And it's true--gauche as it may be to say, we've found that our favorite Nanaimo bars have been purchased not in fancy bakeries or restaurants but in significantly less "gourmet" spots--supermarkets, ferries, or delis. However, perhaps there's a strange logic behind this. Through trial and error we've found that the bars often taste better one or two days after they're made--so perhaps the absolute freshness that most bakeries or restaurants strive for is a detriment in the case of the Nanaimo bar, whereas in the aforementioned settings, where the bars will have a longer "shelf" time, they are allowed to improve with age. Hey, just a theory!

Extended Family: If you think the Nanaimo bar resembles some other sweets (at least physically), you're right. Starting with a list of related confections on Barry Popik's site, we hunted down some sweets that resemble the Nanaimo bar (if not in taste, at least in construction) and sought out a few of our own. Aside from the "London Smog" bar though, few of them seem to be derived from the actual Nanaimo bar recipe, though they are delicious.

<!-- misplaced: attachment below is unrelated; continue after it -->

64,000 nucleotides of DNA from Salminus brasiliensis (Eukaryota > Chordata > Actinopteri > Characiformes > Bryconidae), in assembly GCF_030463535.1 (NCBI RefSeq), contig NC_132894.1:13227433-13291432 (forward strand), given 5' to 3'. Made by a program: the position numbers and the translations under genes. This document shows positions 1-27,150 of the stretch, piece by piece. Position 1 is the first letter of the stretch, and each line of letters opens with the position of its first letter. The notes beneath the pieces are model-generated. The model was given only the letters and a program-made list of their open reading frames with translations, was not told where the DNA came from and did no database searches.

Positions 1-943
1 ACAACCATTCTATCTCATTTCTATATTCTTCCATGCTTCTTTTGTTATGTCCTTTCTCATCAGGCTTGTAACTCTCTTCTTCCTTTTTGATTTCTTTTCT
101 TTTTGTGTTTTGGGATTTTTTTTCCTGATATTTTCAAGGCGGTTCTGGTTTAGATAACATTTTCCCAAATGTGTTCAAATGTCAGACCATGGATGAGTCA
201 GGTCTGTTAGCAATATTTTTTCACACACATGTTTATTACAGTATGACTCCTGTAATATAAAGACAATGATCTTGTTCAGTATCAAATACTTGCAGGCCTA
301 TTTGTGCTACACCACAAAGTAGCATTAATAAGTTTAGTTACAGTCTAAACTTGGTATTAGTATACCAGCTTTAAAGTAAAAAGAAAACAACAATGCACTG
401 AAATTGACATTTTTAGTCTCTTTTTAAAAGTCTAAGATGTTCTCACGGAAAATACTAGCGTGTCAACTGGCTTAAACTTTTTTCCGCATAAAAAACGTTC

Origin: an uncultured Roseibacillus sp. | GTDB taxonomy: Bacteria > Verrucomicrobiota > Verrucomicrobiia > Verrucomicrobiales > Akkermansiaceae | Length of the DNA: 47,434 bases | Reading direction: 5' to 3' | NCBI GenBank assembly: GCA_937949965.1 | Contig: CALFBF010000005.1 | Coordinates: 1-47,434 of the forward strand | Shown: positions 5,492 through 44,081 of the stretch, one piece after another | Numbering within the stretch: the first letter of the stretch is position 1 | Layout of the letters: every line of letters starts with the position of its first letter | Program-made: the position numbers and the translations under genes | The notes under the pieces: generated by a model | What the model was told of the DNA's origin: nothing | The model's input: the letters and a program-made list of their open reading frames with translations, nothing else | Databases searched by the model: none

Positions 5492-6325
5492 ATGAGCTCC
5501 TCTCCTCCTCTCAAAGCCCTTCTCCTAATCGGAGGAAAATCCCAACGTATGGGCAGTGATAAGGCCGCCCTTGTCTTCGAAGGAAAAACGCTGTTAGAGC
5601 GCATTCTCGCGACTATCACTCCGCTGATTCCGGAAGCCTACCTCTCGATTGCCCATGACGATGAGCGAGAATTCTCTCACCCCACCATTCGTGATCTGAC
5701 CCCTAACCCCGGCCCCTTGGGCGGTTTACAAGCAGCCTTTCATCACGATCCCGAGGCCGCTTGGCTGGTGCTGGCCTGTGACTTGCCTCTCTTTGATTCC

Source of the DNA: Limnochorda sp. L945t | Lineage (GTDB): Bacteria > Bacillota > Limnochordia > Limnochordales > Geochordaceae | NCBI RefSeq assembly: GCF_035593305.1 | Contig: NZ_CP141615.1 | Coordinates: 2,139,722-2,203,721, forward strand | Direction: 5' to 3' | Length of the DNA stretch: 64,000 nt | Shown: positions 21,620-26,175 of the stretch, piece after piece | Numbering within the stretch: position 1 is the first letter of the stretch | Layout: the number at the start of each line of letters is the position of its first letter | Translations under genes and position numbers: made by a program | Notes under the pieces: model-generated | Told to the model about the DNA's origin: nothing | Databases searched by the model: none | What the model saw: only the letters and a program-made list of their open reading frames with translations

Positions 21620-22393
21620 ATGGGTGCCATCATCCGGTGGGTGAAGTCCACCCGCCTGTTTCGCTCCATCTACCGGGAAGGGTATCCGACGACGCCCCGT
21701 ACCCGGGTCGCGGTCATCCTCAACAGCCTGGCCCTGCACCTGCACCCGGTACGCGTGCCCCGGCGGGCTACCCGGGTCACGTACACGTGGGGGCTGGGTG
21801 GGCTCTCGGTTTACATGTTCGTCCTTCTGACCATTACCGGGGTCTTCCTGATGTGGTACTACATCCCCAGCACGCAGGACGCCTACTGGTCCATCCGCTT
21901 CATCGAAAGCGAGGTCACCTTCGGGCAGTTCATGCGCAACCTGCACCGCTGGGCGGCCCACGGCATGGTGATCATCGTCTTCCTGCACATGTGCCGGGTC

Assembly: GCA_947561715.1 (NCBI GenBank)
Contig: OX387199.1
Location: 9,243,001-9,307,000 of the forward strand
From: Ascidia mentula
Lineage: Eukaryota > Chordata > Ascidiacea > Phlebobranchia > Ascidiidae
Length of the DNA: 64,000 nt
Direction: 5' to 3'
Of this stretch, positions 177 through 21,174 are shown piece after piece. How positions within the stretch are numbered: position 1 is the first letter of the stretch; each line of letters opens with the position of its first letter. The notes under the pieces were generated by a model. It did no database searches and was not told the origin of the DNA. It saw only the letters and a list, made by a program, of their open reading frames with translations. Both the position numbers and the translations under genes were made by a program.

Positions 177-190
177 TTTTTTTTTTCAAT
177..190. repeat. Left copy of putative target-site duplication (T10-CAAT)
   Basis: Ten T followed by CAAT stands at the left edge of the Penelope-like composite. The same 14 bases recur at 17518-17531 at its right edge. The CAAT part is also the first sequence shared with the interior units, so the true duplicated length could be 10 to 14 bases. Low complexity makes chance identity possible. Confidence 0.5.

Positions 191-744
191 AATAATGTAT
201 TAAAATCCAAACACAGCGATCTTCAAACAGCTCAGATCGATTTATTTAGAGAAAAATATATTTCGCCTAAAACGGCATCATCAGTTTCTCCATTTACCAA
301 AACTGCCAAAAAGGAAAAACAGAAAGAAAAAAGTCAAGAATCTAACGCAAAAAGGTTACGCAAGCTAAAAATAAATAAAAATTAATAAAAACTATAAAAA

When making your own Nanaimo bars, the sky's the limit. While the official City of Nanaimo recipe (determined during a 1980s contest for the "ultimate" Nanaimo bar recipe, which was won by Joyce Hardcastle) is found below, there are some great variations which can be found here and here.



OFFICIAL NANAIMO BAR RECIPE

Bottom Layer
  • ½ cup unsalted butter (European style cultured)
  • ¼ cup sugar
  • 5 tbsp. cocoa
  • 1 egg beaten
  • 1 ¼ cups graham wafer crumbs
  • ½ c. finely chopped almonds
  • 1 cup coconut
  • Melt first 3 ingredients in top of double boiler. Add egg and stir to cook and thicken. Remove from heat. Stir in crumbs, coconut, and nuts. Press firmly into an ungreased 8" x 8" pan.